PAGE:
Living with MS: Hold on to What’s Important to You - dummies

Living with MS: Hold on to What’s Important to You

By Rosalind Kalb, Barbara Giesser, Kathleen Costello

Unfortunately, some people with multiple sclerosis (MS) have a tendency to give up activities when they can no longer do them the way they used to. You may, for example, give up skiing because your balance and energy aren’t what they used to be. Then, you may find that long walks with your partner are a lot more difficult and tiring than they used to be.

And then you may decide that you can’t really take your kids to the zoo anymore. Finally, one day, you realize you’ve given up a whole lot of things that made your life fun, full, and interesting, and you may not have found satisfying substitutes to fill in the gaps.

Even though you may think you have to give up all the good stuff, consider a different strategy: Figure out ways to do your favorite activities differently by using assistive technology (AT), or try out some alternative activities that may be just as satisfying.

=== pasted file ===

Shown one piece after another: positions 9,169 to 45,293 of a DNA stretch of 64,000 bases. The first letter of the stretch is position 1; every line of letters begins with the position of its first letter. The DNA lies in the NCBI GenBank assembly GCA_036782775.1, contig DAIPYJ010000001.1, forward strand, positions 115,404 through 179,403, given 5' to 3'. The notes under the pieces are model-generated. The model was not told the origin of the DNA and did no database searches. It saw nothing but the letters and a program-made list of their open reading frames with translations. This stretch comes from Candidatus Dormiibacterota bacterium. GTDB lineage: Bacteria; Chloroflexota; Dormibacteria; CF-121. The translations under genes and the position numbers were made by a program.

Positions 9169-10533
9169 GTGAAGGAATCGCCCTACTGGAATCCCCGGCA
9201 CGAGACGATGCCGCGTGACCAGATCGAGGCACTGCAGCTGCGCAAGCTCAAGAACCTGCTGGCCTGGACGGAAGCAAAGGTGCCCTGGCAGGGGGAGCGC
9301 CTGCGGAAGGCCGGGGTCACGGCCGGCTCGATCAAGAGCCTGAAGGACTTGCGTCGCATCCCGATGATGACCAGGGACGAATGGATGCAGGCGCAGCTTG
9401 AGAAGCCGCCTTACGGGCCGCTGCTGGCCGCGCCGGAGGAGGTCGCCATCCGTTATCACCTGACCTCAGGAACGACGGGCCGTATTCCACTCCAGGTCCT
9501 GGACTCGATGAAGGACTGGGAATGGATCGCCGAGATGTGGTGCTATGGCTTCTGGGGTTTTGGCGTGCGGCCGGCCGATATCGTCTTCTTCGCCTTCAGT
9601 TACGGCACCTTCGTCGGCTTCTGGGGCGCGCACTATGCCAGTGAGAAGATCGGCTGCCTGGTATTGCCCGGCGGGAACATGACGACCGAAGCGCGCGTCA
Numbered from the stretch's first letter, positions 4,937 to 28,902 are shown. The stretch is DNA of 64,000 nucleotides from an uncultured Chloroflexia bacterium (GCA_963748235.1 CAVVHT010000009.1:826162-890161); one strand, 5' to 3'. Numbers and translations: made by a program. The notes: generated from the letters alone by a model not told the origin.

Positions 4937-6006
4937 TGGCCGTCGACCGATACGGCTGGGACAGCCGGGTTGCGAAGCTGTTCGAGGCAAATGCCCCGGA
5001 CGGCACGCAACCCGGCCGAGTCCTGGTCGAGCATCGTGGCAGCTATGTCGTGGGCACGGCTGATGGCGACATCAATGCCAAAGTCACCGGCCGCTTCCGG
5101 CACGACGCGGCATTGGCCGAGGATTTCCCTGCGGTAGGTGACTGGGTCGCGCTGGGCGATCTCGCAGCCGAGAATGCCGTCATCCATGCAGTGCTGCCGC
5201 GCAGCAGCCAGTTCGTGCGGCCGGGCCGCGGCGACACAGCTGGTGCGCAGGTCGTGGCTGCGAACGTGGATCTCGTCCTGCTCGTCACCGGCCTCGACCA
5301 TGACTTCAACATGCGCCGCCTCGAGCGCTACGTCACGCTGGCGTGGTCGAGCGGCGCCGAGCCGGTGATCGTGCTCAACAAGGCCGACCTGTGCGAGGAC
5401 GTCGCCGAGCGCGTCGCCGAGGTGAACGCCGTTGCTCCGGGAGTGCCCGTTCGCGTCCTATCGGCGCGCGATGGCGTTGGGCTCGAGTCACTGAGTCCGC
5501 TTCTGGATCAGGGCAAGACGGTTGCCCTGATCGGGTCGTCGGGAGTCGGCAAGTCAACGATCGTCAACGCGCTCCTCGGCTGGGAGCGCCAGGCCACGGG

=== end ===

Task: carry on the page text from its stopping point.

If you already have a “tool chest” of gadgets to help you do the things you want to do — congratulations — just keep adding to it. But, if you don’t have that tool chest yet, your rehab team can help you figure out exactly what kinds of tools would work best for you.

The fact is that people with MS do enjoy adaptive sports of various kinds. Moms and dads can enjoy watching a soccer game or going to the zoo in a motorized scooter. A cruise can be just as much fun as trekking in Tibet. The key is recognizing that, even though the activities may be different or you may have to do them differently, they can be part of a full and rewarding life.